“I thought you knew how to speak Italian?” my mono-lingual parents would ask if I hesitated in my translation duties, seeming slightly disappointed that their daughter couldn’t decipher languages with the fluency of a United Nations translator. They didn’t realize that language isn’t a stream you can control with the turn of a faucet. It is a slippery fish you had to catch and hold onto with your bare hands, ever flopping and tossing. Even though I grasped several languages – I worked on international trade deals and needed to understand how to learn languages quickly – I would never feel in control of it. It felt disappointing to have to disabuse them of the notion that their daughter wasn’t as brilliant as they otherwise thought. 

“Diego lived here,” Giusy responded, smiling. Then, she glanced over the driver’s seat to look at the speedometer. “He wants me to die here! Slow down!” Diego waved his hand as if to swat away her comment and downshifted. My father, in an attempt to break the tension, tried to engage Diego in conversation.

“What do you do again?” He asked. Diego shrugged his shoulders, as if to remind my father that he didn’t speak English. I could barely hear their conversation over the raucous scrape of the balding tires of the jagged roadway. “Lavoro?” My father offered. 

“Insegnante. Technologia.” Diego responded.

“He teaches technology!” I yelled so my father could hear me over the ambient road noise. 

“Ah. I’m in business. Finanza.” my father responded. After a pause he added, “Soccer? Football? Calcio?” 

“Si,” replied Diego with a laugh, casting my father an incredulous look.

“Juventus?” My father asked. 

“Napoli!” Diego replied. 

A sly smile crept across my father’s face. “Serie A, huh? 

Diego laughed. “Si, Serie A! Il vero gioco! Juventus, money too much. Bah.”

“Pavoletti or Leandrinho?” My father asked. 

“Pavoletti, ovviamente!” The two continued to exchange names of soccer players, expressing their approval with an emphatic “Si!” or “Bah!”. As I observed the scene unfold, I considered what my father’s life may have been if his family remained and smirked as I entertained a fleeting image of him as a taxi driver shuttling tourists to and from the Palermo airport and proselytizing to captive passengers about his opinions on the state of sports management in Italy. 

Meanwhile, my mother and Giusy settled into a resentful acceptance of Diego’s driving. 

“How is your mother?” My mom inquired. 

“Eh, not so good,” Giusy responded in English, then turned to me to explain her mother’s cancer and memory loss, her trips to Bologna for months at a time to help her mother through treatment. Giusy kept repeating a word I could not translate or even infer the meaning of through the context of her sentence. 

 “I’m sorry… I don’t.. Your mother doing what?” I asked. 

“Immunotherapy. She’s saying her mother is undergoing immunotherapy.” My mother replied. Involuntarily, she touched her hand to her short blonde hair. She motioned in this way whenever she discussed her illness, as if the specter of it all – the weeks in the hospital, the weight loss and weakness, the infections and emergency room visits – remained in the past as long as she no longer felt the rough stubble on her scalp where her hair had fallen out.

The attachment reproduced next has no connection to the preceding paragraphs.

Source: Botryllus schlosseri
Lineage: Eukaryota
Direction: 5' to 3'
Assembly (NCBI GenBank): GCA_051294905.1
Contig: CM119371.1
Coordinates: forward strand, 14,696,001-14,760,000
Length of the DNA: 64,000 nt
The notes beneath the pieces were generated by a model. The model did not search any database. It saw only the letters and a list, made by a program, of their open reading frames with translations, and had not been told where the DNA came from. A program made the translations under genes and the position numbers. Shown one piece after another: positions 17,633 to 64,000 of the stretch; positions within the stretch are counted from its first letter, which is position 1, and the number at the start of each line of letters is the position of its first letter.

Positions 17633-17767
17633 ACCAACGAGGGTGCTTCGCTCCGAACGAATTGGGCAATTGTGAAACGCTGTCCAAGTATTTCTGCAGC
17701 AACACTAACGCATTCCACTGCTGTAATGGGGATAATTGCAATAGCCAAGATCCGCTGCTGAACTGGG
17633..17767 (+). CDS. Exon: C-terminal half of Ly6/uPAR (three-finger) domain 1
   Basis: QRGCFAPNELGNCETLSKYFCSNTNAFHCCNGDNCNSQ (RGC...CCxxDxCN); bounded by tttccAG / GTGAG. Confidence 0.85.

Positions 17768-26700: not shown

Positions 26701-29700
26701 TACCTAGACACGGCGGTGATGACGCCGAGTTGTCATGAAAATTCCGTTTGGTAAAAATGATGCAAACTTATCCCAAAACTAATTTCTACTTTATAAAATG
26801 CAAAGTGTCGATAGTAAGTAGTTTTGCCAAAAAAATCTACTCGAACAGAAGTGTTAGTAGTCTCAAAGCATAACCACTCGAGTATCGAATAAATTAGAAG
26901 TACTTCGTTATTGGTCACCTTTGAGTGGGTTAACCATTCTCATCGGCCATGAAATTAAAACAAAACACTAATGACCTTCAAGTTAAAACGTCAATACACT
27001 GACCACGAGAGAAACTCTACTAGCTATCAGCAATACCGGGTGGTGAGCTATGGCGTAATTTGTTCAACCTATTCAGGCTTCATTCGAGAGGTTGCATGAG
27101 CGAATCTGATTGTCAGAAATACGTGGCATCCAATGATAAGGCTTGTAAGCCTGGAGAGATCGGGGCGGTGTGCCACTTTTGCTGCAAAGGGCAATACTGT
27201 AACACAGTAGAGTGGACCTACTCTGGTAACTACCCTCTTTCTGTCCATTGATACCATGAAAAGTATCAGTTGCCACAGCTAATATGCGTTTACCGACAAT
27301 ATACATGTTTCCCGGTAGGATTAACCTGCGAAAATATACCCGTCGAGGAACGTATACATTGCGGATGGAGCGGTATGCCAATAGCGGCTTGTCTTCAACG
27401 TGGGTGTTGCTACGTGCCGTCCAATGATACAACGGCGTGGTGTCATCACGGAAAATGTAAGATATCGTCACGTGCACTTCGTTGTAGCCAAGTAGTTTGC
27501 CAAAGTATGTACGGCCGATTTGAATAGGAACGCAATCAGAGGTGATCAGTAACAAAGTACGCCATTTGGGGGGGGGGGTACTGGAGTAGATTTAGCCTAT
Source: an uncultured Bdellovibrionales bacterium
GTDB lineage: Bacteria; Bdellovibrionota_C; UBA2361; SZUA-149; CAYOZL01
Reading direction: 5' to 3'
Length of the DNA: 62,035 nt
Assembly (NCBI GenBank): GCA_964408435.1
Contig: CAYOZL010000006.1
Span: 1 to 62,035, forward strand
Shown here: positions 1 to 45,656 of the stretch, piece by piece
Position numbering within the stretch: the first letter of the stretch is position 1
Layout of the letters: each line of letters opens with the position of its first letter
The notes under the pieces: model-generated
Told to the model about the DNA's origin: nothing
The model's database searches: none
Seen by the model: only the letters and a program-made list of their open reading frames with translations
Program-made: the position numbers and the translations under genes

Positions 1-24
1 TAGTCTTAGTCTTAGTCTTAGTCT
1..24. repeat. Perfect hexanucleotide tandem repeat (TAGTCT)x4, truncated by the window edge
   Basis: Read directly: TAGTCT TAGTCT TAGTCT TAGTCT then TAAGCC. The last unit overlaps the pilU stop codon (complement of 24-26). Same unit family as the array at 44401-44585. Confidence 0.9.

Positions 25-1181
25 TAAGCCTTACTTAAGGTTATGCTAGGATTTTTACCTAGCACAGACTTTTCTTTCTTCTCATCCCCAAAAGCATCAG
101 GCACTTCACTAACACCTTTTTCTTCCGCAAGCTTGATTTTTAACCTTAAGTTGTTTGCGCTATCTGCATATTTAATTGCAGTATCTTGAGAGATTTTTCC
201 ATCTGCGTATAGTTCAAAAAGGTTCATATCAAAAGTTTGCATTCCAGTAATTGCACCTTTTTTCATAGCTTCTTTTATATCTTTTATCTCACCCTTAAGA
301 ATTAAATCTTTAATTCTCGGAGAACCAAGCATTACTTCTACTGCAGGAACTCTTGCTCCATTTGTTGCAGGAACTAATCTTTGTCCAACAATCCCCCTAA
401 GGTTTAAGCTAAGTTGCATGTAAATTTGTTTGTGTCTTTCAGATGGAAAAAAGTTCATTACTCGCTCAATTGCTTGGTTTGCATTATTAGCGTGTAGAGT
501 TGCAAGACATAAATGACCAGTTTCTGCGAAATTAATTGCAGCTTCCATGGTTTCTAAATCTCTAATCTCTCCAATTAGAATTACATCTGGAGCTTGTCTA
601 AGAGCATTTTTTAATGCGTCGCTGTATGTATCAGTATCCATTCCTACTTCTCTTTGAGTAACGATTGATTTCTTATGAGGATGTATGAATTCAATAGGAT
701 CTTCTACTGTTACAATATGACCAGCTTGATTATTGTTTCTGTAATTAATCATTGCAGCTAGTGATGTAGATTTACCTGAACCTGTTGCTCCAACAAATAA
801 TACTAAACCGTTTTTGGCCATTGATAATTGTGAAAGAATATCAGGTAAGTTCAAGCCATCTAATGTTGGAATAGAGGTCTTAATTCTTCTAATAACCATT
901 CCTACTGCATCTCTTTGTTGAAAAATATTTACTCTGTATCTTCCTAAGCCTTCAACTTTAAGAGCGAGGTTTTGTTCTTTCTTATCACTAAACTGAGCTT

“You?” Giusy asked. “You look good! Perfetta!” 

“Grazie,” my mother replied. She omitted how the treatment racked her body with tremors and fevers, or how she couldn’t muster the energy to walk up a flight of steps for months afterwards. “You’re a good daughter for caring for her.” She moved her left arm over where I sat to grab Giusy’s hand. She then contorted her torso in the cramped space so as to face us both and placed her right hand on top of mine. “A good daughter.”

We made our first stop at the base of a gravel covered slope when the road suddenly ended in an orange barrier. Diego parked the car, got out, and attempted to shove the barrier aside, motioning to my father for help. 

“Should he be doing that?” my mother asked. 

“It’s fine,” Giusy said. “We’re almost at the mine.”

“The mine?” I asked. 

“Where your great-grandfather worked.” Giusy responded dismissively. 

Diego and my father returned, and Diego shifted the car into gear. He slowly maneuvered up the hill, trying to avoid rolling backwards as he shifted. The road couldn’t have been more than a pedestrian footpath cut into the side of the dusty, rocky hill we now ascended. The stark contrast between the verdant, glistening city of Cefalu with its brightly painted tiles and azure water and this lonely, desiccated country town, seemingly occupied by discarded farm equipment and uninhabited hills made the two places seem as if they belonged to entirely different countries. No one spoke. Instead, my mother grasped my hand more tightly with every jerk and bump we encountered. After nearly ten tense minutes of silence, save the crush of stones and the rush of streams of dirt and pebbles cascading down the hill, Diego stopped the car in the middle of the path. 

“Be careful,” Giusy warned as she got out of the car. She lit a cigarette as she stepped to the edge of the path and pointed to a cluster of vacant, collapsing buildings nestled into the side of an adjacent hill. These structures, all of which were missing windows and crumbling to the point where they lacked any discernible architectural components, resided within the irregular boundary of a rusted fence garnished by flourishes of barbed wire. Overhead, the rich cerulean sky etiolated to a light blue, scorched - like most of the ground below - by an oblivious, tyrannical sun. I got out and stood beside Giusy, ignoring the warnings my mother issued from inside the car. When my father echoed her admonition, I glanced down and the precipitous drop only a few centimeters from where I stood. 

The assemblage of warped metal and disintegrating stone provided dismal animation for the otherwise sparse landscape, jabbed faces of unforgiving mountains, and a tenuous growth of scraggly brush that engulfed the area below. A deep black gas gut into the side of the hill, an almost violent disturbance in the lifeless scene below. 

“This is a country of ruins,” Diego murmured, taking a cigarette from Giusy’s outstretched hand.